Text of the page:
A botched BBC IT scheme which ended up costing licence-fee payers £100m will be the subject of a government grilling today as those responsible face questions about the project's failures.
Back in 2008, the BBC launched its Digital Media Initiative (DMI), which was designed to allow staff to develop, create and share video and audio content through a new integrated digital production and archiving system.
The scheme was eventually scrapped last year after what the National Audit Office describes as the corporation being "too optimistic" over its ability to implement it. Siemens initially won the contract but Computacenter and other IT firms specialising in video and audio were also brought in over its lifespan.
By the time it was scrapped last May, the cost to the licence-fee payer stood at £98.4m.
Today, those responsible for the DMI - including former director general Mark Thompson - will give evidence to the Public Accounts Committee (PAC) which will grill them over the scheme's failures.
Ahead of the meeting, PAC chairman Margaret Hodge MP said lack of accountability was at the heart of the programme's failures.
"This report reads like a catalogue of how not to run a major programme," she said. "I was shocked to learn how poor the BBC's governance arrangements for the DMI were.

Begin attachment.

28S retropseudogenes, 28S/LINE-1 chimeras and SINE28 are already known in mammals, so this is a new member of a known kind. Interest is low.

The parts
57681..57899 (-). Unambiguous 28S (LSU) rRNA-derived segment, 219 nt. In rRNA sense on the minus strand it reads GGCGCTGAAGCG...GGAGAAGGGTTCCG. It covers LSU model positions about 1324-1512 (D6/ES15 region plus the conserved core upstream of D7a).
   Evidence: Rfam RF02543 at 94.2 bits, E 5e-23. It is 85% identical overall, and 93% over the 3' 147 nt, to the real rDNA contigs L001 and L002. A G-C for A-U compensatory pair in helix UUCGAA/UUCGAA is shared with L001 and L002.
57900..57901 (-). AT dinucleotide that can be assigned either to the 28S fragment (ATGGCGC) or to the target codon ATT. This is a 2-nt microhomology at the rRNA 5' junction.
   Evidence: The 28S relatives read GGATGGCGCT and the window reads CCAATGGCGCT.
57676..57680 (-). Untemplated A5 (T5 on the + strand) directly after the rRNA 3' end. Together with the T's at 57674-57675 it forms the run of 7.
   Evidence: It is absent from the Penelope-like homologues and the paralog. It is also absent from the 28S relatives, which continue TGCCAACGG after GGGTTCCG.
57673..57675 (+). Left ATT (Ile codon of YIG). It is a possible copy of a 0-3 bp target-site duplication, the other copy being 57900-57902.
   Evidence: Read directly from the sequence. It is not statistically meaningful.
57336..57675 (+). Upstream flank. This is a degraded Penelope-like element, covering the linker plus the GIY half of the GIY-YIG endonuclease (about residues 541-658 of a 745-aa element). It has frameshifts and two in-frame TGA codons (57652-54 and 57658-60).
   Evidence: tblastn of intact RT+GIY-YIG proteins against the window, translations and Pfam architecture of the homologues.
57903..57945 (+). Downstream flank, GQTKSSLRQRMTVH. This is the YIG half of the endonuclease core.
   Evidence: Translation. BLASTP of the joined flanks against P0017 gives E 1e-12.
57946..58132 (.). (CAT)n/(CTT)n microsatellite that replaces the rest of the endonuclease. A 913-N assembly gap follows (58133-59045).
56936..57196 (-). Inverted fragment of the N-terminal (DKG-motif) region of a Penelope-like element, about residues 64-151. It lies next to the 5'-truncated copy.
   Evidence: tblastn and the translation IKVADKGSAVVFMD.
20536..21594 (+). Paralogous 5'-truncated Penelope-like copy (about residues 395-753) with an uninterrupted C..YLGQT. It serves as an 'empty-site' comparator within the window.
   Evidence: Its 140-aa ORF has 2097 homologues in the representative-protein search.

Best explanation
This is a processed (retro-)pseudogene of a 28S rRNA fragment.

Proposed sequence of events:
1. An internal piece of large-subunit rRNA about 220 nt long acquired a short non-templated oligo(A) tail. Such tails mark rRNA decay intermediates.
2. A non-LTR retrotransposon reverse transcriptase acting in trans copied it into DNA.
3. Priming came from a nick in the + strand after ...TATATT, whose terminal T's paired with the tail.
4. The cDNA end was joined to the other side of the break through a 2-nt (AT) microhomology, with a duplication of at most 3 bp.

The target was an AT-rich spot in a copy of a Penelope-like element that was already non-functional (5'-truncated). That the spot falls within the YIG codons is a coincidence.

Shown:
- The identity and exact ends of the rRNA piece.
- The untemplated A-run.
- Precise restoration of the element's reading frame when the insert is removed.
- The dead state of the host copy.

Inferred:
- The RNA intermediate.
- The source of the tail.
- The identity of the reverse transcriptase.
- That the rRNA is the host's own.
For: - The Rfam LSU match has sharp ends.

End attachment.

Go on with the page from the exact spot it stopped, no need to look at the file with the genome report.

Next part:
"These failures go right to the top. The executive board applied insufficient scrutiny during 2011 and the first half of 2012. The programme was not subject to any audit or assurance reporting between early 2011 until July 2012.
"The BBC Trust had questioned the executive... in September 2011 but then applied limited challenge until July 2012."
When the scheme was first dreamed up in 2007, the BBC thought the scheme would cost £133.6m - £98.4m funded directly by the licence fee - over a 10-year period and 184 staff and contractors were assigned to setting it up.
The National Audit Office,which has looked into the failings of the DMI before, agreed that accountability was at the heart of the failure but said tech confusion made matters worse.
"The BBC was too optimistic about its ability to implement it and achieve the benefits," it said. "Confusion about the content of technology releases and protracted problems with getting the system to work contributed to a growing gap between technology development and what system users expected.
"If the BBC had established better governance and reporting for the DMI, it would likely have recognised the difficulties much earlier."
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